The historic first detection of gravitational waves from colliding black holes far outside our galaxy opened a new window to understanding the universe. A...

Im Focus: Entangled atoms shine in unison

A team led by Austrian experimental physicist Rainer Blatt has succeeded in characterizing the quantum entanglement of two spatially separated atoms by observing their light emission. This fundamental demonstration could lead to the development of highly sensitive optical gradiometers for the precise measurement of the gravitational field or the earth's magnetic field.

The age of quantum technology has long been heralded. Decades of research into the quantum world have led to the development of methods that make it possible...

Im Focus: Computer-Designed Customized Regenerative Heart Valves

Cardiovascular tissue engineering aims to treat heart disease with prostheses that grow and regenerate. Now, researchers from the University of Zurich, the Technical University Eindhoven and the Charité Berlin have successfully implanted regenerative heart valves, designed with the aid of computer simulations, into sheep for the first time.

Producing living tissue or organs based on human cells is one of the main research fields in regenerative medicine. Tissue engineering, which involves growing...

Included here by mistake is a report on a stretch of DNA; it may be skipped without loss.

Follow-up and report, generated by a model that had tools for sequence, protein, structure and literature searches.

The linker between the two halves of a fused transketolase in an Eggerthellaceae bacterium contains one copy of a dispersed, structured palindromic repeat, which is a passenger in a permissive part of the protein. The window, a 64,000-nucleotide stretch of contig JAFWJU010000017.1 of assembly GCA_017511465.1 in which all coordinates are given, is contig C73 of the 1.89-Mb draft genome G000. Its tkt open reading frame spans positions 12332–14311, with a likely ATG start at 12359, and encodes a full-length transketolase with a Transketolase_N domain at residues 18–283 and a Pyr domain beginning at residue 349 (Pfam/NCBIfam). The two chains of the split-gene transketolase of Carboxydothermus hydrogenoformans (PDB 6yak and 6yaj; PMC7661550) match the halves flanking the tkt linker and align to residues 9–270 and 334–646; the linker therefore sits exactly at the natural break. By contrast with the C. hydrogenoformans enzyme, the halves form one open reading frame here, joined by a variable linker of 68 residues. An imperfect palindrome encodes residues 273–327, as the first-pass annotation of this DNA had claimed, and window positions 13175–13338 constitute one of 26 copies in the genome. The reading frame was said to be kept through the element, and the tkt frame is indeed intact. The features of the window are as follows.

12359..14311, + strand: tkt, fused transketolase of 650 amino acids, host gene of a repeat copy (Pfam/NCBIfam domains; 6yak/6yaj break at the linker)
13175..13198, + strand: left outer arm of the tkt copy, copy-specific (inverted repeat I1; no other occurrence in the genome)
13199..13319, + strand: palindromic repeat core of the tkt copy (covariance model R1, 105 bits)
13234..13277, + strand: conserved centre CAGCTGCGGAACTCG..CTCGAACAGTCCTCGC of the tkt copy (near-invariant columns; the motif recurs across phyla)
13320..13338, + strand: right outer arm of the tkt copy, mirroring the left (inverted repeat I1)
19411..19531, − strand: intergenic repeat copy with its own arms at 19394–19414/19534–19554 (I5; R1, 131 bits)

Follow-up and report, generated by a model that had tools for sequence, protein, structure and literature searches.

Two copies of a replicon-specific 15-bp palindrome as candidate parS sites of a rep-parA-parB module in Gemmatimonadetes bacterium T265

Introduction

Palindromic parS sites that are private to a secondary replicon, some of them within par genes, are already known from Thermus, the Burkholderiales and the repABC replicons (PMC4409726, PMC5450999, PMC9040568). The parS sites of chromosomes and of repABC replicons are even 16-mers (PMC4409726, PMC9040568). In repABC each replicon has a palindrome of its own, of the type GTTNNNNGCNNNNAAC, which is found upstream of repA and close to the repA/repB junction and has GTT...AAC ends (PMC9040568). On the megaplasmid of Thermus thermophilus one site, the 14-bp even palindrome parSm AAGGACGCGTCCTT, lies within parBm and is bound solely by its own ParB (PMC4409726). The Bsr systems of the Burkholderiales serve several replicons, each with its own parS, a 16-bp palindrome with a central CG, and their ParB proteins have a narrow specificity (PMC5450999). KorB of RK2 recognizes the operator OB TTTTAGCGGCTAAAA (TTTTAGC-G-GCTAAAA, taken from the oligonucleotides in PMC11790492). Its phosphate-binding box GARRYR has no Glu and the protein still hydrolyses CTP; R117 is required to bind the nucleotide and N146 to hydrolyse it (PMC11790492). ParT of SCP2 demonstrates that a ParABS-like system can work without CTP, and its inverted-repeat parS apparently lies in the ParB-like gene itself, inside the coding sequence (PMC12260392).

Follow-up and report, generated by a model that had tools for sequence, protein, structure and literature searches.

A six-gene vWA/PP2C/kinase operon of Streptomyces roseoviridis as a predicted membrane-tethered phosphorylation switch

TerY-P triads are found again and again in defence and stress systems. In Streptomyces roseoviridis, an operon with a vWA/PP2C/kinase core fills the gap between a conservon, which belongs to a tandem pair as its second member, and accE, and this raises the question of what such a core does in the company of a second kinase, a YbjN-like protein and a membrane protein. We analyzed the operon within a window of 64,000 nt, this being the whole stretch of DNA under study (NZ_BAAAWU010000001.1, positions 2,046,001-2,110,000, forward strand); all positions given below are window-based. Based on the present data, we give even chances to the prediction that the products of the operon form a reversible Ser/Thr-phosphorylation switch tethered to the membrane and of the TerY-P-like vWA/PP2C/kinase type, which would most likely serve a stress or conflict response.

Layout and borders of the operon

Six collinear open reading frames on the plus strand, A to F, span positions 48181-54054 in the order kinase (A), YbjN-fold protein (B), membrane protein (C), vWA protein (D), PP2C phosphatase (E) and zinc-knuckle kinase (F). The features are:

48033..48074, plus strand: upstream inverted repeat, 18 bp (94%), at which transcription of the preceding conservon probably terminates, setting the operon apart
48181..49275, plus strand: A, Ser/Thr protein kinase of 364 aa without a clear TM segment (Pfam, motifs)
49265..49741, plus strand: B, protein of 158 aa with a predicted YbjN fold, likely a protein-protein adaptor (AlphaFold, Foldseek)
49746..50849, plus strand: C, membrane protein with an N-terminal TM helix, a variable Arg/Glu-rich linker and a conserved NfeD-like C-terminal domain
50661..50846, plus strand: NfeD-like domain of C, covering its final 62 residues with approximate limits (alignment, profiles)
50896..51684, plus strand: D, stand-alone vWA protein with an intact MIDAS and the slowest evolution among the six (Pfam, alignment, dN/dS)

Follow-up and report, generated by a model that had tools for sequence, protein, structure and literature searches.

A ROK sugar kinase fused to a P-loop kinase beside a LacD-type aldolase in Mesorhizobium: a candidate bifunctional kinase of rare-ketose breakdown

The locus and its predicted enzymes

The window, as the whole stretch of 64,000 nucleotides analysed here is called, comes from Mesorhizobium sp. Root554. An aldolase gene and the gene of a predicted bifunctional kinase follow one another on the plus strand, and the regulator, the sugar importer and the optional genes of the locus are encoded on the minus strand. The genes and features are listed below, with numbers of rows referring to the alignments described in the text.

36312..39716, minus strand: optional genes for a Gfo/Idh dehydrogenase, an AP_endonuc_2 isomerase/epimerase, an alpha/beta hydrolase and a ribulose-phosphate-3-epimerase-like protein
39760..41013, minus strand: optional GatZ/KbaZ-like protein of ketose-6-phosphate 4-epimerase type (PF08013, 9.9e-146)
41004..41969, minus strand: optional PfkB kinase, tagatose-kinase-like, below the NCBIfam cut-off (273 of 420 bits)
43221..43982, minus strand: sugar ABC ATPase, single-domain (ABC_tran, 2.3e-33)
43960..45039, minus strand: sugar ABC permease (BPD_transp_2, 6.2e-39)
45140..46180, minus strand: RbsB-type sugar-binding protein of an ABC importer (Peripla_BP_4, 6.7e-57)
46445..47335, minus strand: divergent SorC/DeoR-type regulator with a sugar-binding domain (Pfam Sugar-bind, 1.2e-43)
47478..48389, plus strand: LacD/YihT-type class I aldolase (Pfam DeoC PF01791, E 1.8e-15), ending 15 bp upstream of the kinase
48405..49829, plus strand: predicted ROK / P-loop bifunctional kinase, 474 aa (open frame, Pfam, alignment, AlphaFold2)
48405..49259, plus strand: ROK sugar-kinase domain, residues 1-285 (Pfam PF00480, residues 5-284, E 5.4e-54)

Im Focus: Light-induced superconductivity under high pressure

A team of scientists of the Max Planck Institute for the Structure and Dynamics of Matter (MPSD) at the Center for Free-Electron Laser Science in Hamburg investigated optically-induced superconductivity in the alkali-doped fulleride K3C60under high external pressures. This study allowed, on one hand, to uniquely assess the nature of the transient state as a superconducting phase. In addition, it unveiled the possibility to induce superconductivity in K3C60 at temperatures far above the -170 degrees Celsius hypothesized previously, and rather all the way to room temperature. The paper by Cantaluppi et al has been published in Nature Physics.

Unlike ordinary metals, superconductors have the unique capability of transporting electrical currents without any loss. Nowadays, their technological...

All Focus news of the innovation-report >>>

Anzeige

Anzeige

VideoLinks
Industry & Economy
Event News

Save the date: Forum European Neuroscience – 07-11 July 2018 in Berlin, Germany

02.05.2018 | Event News

Invitation to the upcoming "Current Topics in Bioinformatics: Big Data in Genomics and Medicine"

13.04.2018 | Event News

Unique scope of UV LED technologies and applications presented in Berlin: ICULTA-2018

12.04.2018 | Event News

 
Latest News

Supersonic waves may help electronics beat the heat

18.05.2018 | Power and Electrical Engineering

Keeping a Close Eye on Ice Loss

18.05.2018 | Information Technology

CrowdWater: An App for Flood Research

18.05.2018 | Information Technology

VideoLinks
Science & Research
Overview of more VideoLinks >>>